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Thread: Mitts and Merrill 720 opinion

  1. #21
    Treehouser CoreyYLTG's Avatar
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    I will get some pictures and post them when I get back to the shop. I don't really do it anymore but I'm sure I can get the method shown with the back of my dump truck.

  2. #22
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    Quote Originally Posted by flashover604 View Post
    It was gone to the first guy that called. I don't have enough work to justify a monthly payment on one right now, so the "fiddle with it to get it running" time wouldn't have bothered me. If I could've had it running for under a grand I'd've been happy. It costs us $180-300 a day to rent one depending on 6" or 12". That's fine if you get everything done in one day, but every additional day really eats into any profit. That's why we usually haul and dump. I do have some big trees I could anchor to and roll the brush off the trailer with, but we haven't tried it yet. I assume you're talking about a couple ropes/straps anchored at the back of the trailer, run up to the front and the brush laid on top? Then lay the rope back over the top and anchor behind the trailer and drive forward?
    You can use a cinching method that will compact the brush, rather than "parbuckling" the brush.

    Both have their places.


    What is the set-up of your brush dump spot? Can you leave a movable anchor point?

  3. #23
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    I don't bleed from chipping.

  4. #24
    TreeHouser Mick!'s Avatar
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    [QUOTE=SeanKroll;844767]You can use a cinching method that will compact the brush, rather than "parbuckling" the brush.

    Both have their places.


    Yes they do, in the 1970s.
    I feel that the evening ceases to be languid.



    Mick

  5. #25
    Treehouser CoreyYLTG's Avatar
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    Doesn't look like today will work for pictures but let me see if I can explain while I sit here waiting for a customer.

    First off you will need a bull rope, for example using 1/2" arborplex and having it snap won't help you.

    Lay the rope across the back half of the trailer, straight across, with about 8' hanging of one side and the rope in a pile on the other.

    Stack your brush on it with the butts facing the back of the trailer. Not sure if you have experience using Chuck and duck chippers but if you do trim the brush the same way you would to run it into one when you stack it on the trailer. You will get a lot more on it that way.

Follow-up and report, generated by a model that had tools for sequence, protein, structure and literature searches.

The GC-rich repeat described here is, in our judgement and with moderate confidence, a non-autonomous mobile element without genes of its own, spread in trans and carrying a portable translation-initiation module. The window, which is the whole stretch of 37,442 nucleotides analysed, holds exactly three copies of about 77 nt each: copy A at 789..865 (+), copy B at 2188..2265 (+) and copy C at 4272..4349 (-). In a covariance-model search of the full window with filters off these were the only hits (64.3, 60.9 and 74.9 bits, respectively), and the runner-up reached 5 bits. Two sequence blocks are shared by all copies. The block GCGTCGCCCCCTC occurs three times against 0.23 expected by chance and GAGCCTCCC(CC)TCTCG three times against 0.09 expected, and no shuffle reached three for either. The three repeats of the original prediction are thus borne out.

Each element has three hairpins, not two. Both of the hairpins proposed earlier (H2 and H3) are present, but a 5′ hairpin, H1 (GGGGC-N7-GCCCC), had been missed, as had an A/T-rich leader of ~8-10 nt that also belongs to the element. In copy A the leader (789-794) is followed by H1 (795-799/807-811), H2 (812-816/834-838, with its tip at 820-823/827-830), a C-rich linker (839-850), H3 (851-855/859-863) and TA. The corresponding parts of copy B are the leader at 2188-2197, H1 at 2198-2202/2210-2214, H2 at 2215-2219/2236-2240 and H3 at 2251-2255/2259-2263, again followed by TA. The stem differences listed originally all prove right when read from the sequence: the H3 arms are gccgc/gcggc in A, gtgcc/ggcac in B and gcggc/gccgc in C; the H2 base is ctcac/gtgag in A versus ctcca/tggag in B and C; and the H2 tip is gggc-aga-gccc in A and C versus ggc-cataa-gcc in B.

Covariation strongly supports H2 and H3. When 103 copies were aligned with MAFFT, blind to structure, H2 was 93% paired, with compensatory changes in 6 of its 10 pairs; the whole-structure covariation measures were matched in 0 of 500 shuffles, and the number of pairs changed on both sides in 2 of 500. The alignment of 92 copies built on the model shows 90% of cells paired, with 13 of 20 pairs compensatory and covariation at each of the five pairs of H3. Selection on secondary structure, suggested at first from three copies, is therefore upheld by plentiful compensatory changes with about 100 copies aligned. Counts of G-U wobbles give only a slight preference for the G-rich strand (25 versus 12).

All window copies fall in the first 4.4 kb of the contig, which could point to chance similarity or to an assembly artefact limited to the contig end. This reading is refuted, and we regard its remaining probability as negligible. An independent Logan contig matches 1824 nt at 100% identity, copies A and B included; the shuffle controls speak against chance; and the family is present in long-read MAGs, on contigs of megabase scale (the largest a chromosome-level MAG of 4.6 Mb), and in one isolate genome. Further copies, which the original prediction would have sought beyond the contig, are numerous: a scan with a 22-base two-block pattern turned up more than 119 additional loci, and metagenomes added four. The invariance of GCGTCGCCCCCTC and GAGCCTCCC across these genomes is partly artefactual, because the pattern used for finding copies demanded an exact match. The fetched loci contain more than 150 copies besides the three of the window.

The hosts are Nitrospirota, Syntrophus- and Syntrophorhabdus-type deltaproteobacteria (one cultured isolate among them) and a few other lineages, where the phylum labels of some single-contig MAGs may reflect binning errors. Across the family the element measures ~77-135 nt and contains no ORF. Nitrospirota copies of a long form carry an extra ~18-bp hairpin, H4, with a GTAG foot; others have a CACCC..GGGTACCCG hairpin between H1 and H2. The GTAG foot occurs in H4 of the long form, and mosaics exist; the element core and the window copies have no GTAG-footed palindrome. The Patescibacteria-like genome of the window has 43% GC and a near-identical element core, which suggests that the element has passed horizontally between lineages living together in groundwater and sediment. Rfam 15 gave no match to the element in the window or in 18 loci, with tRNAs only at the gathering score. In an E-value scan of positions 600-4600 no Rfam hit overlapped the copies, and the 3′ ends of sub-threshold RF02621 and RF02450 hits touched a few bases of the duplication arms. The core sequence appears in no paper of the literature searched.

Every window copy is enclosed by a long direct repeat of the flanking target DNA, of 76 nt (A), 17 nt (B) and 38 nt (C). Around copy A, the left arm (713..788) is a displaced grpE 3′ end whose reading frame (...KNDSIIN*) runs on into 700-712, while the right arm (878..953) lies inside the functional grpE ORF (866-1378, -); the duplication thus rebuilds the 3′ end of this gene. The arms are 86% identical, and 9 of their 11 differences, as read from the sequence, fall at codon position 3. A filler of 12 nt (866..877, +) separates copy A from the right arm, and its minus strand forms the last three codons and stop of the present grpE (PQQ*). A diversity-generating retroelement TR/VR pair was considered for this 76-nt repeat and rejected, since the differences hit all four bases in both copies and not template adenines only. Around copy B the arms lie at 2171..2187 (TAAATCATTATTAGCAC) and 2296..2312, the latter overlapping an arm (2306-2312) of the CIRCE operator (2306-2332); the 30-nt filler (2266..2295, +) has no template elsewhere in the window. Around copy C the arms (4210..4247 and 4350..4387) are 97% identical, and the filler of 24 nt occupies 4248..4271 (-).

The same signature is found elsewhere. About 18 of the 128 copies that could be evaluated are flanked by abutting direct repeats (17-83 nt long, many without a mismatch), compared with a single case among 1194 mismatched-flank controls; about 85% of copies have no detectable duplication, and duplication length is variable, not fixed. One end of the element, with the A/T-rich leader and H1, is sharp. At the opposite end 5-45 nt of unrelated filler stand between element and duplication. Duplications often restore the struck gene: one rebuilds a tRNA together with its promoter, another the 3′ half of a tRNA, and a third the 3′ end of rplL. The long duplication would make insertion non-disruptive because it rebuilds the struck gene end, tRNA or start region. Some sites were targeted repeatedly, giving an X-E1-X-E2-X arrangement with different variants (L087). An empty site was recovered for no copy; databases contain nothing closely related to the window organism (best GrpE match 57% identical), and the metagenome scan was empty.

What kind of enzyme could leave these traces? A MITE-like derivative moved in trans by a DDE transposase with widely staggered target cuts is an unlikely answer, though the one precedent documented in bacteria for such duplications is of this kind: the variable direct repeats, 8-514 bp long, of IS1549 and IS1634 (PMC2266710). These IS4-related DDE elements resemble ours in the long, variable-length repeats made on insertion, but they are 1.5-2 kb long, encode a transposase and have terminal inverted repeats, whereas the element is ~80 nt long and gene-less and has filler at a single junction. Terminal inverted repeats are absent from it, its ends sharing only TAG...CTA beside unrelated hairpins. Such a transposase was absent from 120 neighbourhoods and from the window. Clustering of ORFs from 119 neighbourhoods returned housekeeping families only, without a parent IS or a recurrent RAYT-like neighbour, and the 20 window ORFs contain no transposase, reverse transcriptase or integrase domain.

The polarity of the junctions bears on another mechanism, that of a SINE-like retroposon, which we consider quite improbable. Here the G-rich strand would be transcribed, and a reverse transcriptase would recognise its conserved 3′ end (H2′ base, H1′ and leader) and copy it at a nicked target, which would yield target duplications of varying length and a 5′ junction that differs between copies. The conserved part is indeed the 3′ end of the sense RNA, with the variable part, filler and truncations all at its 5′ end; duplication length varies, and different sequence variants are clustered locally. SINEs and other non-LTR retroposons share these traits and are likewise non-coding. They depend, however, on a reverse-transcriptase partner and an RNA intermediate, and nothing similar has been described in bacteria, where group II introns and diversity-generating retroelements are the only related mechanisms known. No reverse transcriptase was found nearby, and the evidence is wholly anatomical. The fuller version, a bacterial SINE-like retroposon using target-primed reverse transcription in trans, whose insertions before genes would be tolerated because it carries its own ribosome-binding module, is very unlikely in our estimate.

When the trailer is loaded take the short end of rope and tie a running bowline with the longer end so the rope will choke the brush.

    When you get to the dump back up to something solid, such as your other truck or a tree. The straighter the better.

    Tie off to that with a knot that can be untied under load. I used to just get a few wraps on a tree in my back lot so I could get it off, because it will be tight and under load when you yank the load off.

    When I used to do this we could get a 16' trailer unloaded in about 5 minutes.

  6. #26
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    [QUOTE=Mick!;844772]
    Quote Originally Posted by SeanKroll View Post
    You can use a cinching method that will compact the brush, rather than "parbuckling" the brush.

    Both have their places.


    Yes they do, in the 1970s.
    Mick, you crack me up.



    Clearly a chipper is better than brush trailering, but a lot of people need stepping stones in their businesses, and the occasional terrible access jobs. I've slid down two steep, mossy, forested waterfront driveways with my chipper. POW and bull rope on the one, controlled skid on the other. Long, narrow lots. Turning around is tough. On flat, paved ground, two can spin my chipper because its light at 4400 pounds. I've had to disconnect, spin, and reconnect in order to access a few places.

    Very rarely, its easier with a brush trailer, so you might as well make it as easy as possible. A dump trailer is always easiest.

  7. #27
    TreeHouse Administrator MasterBlaster's Avatar
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    Quote Originally Posted by SeanKroll View Post
    I don't bleed from chipping.
    Knock on many pieces of wood!

    it could be too late...

  8. #28
    TreeHouser Sponsor Altissimus's Avatar
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    Certainely have their place and are still manufactured.I rented mucho and thought long before buying ... Just couldn't commit to chuck and duck style , spent more but over the years many helpers , some of the customers , hell even my Parents have fed work safely. Doubt I could ever relax or even look away for a second w out hydraulic feed.

  9. #29
    TreeHouser Sponsor Altissimus's Avatar
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    I often tell people when asked the difference ... Open chute style you can easily get sucked into the machine instantly if not careful handling the work , whereas w my Morbark you can get fed into the machine but it it will be be at a slower more uniform rate.

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